A motley crew of skaters and elected officials joined together in Lower Manhattan on Wednesday to celebrate the opening of a new skate park beneath the Brooklyn Bridge.
Mayor Eric Adams joined the likes of Manhattan Borough President Mark Levine, City Council Member Christopher Marte, and Tony Hawk’s The Skatepark Project on the Brooklyn Bridge’s 140th anniversary to mark the opening of The Arches. This open space is hoped to boost local businesses while also marking a safe place for people of all ages to enjoy activities like skating and basketball.
The park, which is located at the Intersection of Rose Street and Avenue of the Finest, has been closed for 13 years due to construction — and on May 24, it finally opened back up with a ceremonial ribbon cutting.
“I was a skateboarder, I knew how to do a few tricks and I’m gonna brush up on them and come out and use this park,” Adams joked. “This is a great moment and it’s a symbol of what Commissioner Rodriguez is doing and DOT of how we use our open spaces.”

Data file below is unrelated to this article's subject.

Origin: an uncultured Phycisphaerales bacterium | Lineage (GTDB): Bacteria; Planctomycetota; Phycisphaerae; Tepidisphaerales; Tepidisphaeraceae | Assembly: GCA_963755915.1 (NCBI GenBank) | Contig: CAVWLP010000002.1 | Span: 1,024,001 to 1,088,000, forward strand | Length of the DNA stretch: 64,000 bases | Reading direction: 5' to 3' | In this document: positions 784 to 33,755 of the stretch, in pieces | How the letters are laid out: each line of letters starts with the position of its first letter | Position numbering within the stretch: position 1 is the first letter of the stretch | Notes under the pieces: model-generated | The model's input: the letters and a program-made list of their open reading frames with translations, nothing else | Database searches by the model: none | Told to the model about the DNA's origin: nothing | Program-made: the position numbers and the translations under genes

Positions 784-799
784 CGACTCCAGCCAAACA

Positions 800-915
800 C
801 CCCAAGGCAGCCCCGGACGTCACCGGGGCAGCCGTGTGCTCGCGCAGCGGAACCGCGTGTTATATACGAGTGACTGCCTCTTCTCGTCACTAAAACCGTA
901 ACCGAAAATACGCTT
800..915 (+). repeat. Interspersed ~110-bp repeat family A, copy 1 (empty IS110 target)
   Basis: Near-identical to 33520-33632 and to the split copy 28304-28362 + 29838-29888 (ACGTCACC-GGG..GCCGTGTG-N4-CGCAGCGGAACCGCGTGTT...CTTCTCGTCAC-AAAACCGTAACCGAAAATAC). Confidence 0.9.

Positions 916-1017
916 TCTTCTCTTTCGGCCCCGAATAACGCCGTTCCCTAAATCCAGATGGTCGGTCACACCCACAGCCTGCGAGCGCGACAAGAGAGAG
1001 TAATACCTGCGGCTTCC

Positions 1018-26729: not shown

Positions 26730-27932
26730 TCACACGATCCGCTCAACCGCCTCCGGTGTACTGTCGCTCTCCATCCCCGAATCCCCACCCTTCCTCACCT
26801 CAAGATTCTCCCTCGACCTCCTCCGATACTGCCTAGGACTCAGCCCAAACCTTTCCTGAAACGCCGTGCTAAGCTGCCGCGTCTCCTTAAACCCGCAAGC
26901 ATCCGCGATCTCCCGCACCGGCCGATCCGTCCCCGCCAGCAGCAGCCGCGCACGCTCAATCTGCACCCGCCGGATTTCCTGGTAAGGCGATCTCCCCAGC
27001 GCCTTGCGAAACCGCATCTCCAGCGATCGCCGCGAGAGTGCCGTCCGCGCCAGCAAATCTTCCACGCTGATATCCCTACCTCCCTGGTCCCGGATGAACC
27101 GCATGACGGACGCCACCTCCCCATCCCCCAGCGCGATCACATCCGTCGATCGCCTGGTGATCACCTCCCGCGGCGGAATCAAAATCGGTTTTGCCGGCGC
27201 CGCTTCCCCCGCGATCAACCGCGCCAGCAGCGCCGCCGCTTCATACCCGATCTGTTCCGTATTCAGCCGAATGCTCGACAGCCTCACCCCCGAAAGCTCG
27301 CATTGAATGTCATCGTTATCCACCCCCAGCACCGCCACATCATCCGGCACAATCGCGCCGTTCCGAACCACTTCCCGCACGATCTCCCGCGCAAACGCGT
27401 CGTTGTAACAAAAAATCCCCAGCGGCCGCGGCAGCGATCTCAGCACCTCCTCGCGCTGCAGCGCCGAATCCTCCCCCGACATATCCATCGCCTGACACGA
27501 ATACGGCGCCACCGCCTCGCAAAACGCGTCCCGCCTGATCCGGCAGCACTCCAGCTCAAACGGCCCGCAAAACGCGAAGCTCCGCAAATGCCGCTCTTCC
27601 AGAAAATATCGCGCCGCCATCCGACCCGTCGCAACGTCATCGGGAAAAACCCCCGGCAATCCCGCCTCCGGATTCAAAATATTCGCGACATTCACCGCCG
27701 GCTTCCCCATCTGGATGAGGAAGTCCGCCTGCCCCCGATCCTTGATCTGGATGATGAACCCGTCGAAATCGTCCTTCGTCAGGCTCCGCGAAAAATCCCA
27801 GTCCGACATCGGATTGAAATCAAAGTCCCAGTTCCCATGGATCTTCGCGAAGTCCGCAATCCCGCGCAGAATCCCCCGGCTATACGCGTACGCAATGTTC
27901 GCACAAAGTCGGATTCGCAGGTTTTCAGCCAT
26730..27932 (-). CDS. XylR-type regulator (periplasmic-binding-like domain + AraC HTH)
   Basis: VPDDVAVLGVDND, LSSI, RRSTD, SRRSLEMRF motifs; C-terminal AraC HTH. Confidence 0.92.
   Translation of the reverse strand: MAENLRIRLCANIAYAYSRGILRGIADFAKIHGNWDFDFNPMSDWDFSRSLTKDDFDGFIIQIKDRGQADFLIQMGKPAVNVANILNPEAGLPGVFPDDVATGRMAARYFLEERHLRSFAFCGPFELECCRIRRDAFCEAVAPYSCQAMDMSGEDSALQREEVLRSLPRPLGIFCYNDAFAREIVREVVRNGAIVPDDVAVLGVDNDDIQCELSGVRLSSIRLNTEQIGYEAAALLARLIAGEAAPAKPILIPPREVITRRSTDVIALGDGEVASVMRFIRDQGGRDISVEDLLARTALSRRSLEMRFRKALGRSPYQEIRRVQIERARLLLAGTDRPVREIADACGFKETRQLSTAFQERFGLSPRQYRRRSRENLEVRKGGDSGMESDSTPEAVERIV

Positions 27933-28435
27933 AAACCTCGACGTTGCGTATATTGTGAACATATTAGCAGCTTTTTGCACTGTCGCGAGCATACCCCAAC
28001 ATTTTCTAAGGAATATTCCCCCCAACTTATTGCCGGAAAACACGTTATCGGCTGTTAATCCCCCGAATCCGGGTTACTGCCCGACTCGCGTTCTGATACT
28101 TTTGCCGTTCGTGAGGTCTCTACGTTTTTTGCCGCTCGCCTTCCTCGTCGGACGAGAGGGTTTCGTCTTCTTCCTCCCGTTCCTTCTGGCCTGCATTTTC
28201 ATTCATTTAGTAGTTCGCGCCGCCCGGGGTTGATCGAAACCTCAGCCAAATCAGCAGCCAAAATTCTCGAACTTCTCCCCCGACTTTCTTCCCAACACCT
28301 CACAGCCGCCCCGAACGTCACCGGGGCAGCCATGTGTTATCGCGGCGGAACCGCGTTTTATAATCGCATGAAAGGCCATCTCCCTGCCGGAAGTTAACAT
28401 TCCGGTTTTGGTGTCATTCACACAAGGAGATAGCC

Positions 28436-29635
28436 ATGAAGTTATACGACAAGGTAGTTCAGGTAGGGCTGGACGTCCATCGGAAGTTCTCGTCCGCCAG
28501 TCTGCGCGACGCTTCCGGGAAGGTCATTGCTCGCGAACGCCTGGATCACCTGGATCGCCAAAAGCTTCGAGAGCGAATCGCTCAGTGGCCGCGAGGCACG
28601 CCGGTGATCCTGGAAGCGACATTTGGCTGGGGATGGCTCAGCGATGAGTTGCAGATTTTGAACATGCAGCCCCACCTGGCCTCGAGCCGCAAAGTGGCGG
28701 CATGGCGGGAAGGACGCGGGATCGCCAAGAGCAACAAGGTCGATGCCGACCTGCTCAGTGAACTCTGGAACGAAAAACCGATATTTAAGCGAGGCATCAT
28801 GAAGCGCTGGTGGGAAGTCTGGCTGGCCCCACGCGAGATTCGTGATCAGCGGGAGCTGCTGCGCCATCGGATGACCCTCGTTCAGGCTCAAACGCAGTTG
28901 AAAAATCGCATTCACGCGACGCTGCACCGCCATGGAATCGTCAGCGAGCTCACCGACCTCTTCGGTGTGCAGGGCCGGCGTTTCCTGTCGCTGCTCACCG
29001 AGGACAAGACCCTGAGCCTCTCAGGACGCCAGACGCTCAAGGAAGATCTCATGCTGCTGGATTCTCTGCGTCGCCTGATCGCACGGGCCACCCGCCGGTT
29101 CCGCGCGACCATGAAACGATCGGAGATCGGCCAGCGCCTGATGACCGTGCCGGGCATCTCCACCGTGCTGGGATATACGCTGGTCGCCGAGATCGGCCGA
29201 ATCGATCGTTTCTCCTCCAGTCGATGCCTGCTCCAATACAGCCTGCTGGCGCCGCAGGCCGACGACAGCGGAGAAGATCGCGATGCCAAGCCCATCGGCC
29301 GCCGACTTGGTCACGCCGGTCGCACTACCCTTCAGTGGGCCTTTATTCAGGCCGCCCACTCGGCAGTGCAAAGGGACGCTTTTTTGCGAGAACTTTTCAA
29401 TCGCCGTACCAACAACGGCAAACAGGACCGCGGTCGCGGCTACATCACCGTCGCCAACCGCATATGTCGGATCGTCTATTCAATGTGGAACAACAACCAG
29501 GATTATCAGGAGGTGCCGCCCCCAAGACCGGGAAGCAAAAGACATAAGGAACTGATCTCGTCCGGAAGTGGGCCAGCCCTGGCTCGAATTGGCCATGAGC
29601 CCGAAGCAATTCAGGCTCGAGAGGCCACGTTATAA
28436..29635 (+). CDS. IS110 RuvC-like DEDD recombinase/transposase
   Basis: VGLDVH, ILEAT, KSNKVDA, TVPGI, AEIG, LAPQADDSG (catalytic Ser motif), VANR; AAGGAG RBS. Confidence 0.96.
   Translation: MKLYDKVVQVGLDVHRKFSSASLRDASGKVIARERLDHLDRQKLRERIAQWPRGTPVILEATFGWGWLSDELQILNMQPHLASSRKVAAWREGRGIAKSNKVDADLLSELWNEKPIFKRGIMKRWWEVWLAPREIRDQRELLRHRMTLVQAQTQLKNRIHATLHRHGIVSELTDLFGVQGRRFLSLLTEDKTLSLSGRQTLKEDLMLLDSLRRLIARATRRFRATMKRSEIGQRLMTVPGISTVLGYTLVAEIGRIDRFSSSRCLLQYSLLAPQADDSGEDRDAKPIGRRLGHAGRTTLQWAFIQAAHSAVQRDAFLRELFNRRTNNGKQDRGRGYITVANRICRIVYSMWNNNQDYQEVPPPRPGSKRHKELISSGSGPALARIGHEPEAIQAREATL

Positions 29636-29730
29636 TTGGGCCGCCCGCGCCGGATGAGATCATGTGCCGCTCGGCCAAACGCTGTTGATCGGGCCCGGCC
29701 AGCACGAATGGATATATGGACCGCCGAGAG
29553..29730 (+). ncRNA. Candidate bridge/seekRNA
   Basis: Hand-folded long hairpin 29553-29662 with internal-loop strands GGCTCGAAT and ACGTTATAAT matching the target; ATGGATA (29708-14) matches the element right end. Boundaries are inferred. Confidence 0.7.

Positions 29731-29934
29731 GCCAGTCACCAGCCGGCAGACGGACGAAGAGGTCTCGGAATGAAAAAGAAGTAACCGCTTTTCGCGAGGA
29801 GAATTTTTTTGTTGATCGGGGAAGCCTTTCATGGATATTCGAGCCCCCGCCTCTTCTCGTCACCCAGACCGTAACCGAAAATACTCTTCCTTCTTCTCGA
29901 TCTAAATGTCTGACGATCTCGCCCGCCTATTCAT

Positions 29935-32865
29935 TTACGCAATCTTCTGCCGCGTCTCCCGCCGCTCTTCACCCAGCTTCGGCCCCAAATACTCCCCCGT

Borough President Levine also heralded the opening as a landmark moment, calling it a prime location for so many Downtown New Yorkers to enjoy.
“You got four public schools within like two blocks of here. You got one of the largest public housing developments in New York City,” Levine remarked. “We got some major housing complexes. We got chapel towers. We got Southbridge Towers right here. We got Pace University. We got the Office of the Manhattan Borough President. It’s all right here within two blocks. This is going to be one of the most heavily used public spaces from the moment it opens.”
No sooner was the ribbon cut, skaters began grinding and ollieing their way around the grounds. The elated attendees held up their boards and cheered while it was officially christened with several skaters showing off tricks by leaping over the staircase much to the delight of onlookers.